Not the way an album destined mostly for laptop speakers and earbuds is mixed or mastered. First off, would you say that is true? Are you shooting for a lot of club play? Secondly, what was this part of the process like? What did you have in mind?

Statik: I don’t shoot for club play, but I do listen on a very full range system. I of course check out the mixes on laptop speakers too, but I want to make sure that if someone is listening to the mixes, from an actual cd (as opposed to an mp3) on a system with bass that it’s going to sound right. As I mix, I’m constantly making a cd with all of the mixes on it, and bringing it with me in the car when I drive, or in my boom box… by the time the CD’s done, I’ve listened to it in so many places it’s not even funny. So… hopefully by the time I get to mastering, I’m not really surprised. I know it can happen, and I hate it when, early in the mixing process, I’m listening somewhere new, and I’m like… hey, what is with that sound jumping out, or what’s with the low end on that synth? That wasn’t supposed to be there. I don’t know…it’s weird how different places really make me hear differently, but I think it’s an important aspect of mixing.

JC: Yes. On more than one occasion I thought I had an album done, working on flat monitors, and then I’d throw it in a car system when with a friend, and get a rather unpleasant surprise. It’s both a rewarding and frustrating process.

How does the lyric-writing process usually interlock with the songwriting process? Is there a regular way it flows- for instance oftentimes leading with lyrics or a vocal melody, rather than music, or the other way around? Or has it always been a song-by-song basis?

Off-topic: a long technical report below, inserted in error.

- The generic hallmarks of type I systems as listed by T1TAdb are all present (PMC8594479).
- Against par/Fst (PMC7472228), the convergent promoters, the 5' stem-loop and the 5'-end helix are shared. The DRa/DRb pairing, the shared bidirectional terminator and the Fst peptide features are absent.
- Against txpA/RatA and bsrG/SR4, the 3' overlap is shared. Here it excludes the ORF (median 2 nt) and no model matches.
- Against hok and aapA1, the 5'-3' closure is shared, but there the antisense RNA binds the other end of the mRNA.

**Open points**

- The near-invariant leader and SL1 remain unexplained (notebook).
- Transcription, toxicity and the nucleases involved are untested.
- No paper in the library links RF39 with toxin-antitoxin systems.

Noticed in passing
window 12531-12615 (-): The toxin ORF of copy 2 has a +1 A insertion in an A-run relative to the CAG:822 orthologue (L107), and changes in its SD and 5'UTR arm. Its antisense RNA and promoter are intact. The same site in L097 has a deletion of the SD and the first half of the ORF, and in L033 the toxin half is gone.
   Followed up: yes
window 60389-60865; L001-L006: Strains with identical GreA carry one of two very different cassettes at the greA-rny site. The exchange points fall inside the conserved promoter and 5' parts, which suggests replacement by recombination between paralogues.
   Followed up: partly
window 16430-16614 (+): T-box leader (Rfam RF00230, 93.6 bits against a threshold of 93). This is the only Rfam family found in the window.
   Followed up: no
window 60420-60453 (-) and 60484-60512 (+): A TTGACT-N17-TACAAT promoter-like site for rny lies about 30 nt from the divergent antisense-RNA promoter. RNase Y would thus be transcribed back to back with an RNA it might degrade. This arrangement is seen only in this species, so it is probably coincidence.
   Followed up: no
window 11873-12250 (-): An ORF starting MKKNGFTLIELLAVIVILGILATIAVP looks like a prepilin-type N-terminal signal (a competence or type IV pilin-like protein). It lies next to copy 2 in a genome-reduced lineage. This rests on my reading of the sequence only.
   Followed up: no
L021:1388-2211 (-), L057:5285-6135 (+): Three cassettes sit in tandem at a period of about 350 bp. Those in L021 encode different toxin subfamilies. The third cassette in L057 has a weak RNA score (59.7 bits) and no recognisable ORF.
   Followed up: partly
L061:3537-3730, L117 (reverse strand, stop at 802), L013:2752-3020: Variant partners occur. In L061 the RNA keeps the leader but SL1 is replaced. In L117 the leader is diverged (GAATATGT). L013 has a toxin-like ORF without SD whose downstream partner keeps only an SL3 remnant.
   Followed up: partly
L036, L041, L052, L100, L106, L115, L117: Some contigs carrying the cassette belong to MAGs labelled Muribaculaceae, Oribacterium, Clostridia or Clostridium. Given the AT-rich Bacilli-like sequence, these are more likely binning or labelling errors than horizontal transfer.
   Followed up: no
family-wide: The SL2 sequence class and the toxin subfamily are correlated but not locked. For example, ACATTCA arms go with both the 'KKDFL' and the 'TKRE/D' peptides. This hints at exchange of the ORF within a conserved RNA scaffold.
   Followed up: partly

KaRINkaRIN: When I work with music typically I am given a rough framework of musical ideas…which gives me placement, mood and something to re-act to. I work by myself to totally get inside the song and turn it inside out until I feel it is working and then Statik and I go back and forth to further develop the song.

JC: What are the touring plans with this album? Who is going to be on the tour?

kaRIN: No plans at the moment… other than to take a short break and then get back into the studio. We are and always have been creatively driven. If an offer came up for touring that we just could not resist we would have to think about it…but ultimately that takes us away from what we really want to be doing which is making new music.

Order the CD or listen to samples


James Curcio.